AT&T has been accused in a lawsuit of some pretty shady tactics meant to help the company boost the subscriber numbers for its streaming TV initiative formerly known as DirecTV Now.

These tactics include leaning on employees to create fake users for the service and adding multiple “fake” accounts to a real customer’s phone number, all in service of making DirecTV Now seem more successful than it was. That’s according to the text of the lawsuit, which can be read here, and accuses the company of tricking investors.

“While AT&T and the Executive Defendants repeatedly touted the success of DirecTV Now, depicting it as a fast-growing product with strong margins and brisk subscriber growth, in truth, this apparent success was a complete mirage,” the lawsuit claims. “Information provided by multiple former employees of AT&T and its affiliates from across the country collectively confirm a wide-ranging fraud, perpetrated at the highest levels of the Company.”

Among other shady practices the lawsuit spells out is the claim that AT&T employees supposedly even took the dramatic step of signing up customers who didn’t want the service. Fake email addresses were rampant. Customers would also be told they wouldn’t be charged, even though they would be, according to the claims. (AT&T TV Now, by the way, is the successor brand to what was formerly known as DirecTV Now.)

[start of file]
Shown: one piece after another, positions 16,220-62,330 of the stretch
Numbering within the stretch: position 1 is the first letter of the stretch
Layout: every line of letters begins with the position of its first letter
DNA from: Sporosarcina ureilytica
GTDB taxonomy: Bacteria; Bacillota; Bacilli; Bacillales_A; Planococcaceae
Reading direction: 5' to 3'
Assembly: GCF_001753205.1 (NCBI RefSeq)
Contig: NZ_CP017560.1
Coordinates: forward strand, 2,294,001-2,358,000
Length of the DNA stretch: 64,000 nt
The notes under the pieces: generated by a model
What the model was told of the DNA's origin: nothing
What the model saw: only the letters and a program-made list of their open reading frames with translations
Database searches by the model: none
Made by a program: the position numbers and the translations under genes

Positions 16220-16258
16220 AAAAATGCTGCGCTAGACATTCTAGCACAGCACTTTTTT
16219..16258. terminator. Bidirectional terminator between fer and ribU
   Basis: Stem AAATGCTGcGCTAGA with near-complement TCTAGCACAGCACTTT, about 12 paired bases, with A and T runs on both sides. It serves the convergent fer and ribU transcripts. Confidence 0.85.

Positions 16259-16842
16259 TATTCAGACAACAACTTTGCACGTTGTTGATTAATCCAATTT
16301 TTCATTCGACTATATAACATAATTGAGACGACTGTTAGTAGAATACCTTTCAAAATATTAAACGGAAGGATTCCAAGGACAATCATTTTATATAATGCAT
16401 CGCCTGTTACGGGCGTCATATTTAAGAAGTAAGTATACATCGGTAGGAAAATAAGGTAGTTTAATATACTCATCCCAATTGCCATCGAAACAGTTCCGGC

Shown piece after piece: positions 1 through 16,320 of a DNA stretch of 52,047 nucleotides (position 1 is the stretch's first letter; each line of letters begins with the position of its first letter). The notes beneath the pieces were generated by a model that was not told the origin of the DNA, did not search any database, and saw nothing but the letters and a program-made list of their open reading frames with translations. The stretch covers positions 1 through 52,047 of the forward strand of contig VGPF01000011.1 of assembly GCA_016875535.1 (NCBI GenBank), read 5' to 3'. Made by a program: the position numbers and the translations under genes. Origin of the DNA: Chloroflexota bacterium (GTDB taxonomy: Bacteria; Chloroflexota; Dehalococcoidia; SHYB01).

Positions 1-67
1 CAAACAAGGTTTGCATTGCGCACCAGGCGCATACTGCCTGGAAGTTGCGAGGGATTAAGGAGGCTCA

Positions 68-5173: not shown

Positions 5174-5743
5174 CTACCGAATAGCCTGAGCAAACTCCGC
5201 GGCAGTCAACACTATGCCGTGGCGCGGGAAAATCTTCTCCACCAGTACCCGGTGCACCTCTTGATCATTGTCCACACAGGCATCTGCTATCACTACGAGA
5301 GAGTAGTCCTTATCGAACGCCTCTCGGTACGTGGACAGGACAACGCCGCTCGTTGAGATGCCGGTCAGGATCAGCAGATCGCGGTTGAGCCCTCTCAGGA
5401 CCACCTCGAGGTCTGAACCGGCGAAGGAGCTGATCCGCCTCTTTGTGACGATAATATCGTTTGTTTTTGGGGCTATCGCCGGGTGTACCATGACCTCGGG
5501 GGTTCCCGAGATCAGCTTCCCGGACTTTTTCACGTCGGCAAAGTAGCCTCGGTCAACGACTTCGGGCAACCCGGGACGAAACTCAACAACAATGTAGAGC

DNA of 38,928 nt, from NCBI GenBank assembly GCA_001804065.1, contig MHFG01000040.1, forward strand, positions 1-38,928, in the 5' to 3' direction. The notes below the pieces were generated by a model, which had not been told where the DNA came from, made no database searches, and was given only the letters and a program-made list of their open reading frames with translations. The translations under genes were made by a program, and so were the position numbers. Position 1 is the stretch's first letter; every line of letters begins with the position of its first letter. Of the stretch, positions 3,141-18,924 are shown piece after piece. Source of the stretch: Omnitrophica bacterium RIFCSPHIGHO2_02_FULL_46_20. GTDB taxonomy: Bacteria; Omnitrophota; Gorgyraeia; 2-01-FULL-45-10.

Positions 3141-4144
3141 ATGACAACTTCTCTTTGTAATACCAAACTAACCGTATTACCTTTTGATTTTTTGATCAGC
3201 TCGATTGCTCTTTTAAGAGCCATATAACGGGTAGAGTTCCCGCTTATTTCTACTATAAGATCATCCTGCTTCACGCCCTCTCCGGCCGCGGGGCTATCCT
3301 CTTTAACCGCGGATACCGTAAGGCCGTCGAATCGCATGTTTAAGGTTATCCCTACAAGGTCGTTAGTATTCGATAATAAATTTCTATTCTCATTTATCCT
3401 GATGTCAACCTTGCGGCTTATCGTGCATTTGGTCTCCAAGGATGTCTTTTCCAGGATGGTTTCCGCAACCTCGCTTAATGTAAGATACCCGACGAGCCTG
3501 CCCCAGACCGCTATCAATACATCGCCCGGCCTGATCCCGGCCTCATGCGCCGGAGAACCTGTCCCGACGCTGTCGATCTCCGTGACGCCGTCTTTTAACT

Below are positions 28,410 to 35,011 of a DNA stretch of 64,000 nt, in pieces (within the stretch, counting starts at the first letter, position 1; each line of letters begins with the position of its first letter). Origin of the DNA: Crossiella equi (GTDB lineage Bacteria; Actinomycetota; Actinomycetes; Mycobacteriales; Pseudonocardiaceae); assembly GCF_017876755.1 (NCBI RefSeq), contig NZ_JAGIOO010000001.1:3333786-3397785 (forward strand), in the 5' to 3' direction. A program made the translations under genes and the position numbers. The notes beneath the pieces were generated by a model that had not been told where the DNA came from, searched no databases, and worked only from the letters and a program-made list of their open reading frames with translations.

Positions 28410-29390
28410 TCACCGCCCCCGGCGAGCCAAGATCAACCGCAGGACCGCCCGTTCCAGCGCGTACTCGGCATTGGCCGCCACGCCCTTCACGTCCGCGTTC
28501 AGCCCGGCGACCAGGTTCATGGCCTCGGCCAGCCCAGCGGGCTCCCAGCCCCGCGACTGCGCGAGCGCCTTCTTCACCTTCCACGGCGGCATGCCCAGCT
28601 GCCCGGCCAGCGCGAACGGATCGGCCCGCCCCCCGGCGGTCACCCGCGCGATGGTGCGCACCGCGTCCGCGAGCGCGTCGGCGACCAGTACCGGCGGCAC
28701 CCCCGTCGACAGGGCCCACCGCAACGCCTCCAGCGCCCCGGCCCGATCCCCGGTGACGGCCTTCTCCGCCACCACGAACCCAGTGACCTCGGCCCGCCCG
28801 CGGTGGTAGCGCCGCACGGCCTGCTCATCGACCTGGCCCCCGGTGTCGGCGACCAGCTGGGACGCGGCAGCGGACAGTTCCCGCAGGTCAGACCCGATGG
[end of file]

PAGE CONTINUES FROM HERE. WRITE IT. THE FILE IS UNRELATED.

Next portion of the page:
“AT&T employees from across the country were strong-armed into creating fake DirecTV Now accounts, by utilizing various tactics to covertly add the product to customers’ AT&T accounts without their knowledge,” the lawsuit contends. “For example, employees were taught and actively encouraged to convert activation fees that customers traditionally had to pay to upgrade their phones into DirecTV Now subscriptions by waiving the fee, but charging the customer anyway, and applying the payment to up to three DirecTV Now accounts using fake email addresses without telling the customer they had been signed up for the subscription.”

AT&T has responded to the lawsuit with the standard corporate line — without getting into the details, promising that the company will “fight these baseless claims in court” according to a statement shared with Bloomberg.

The complaint was filed on Friday, Sept. 13.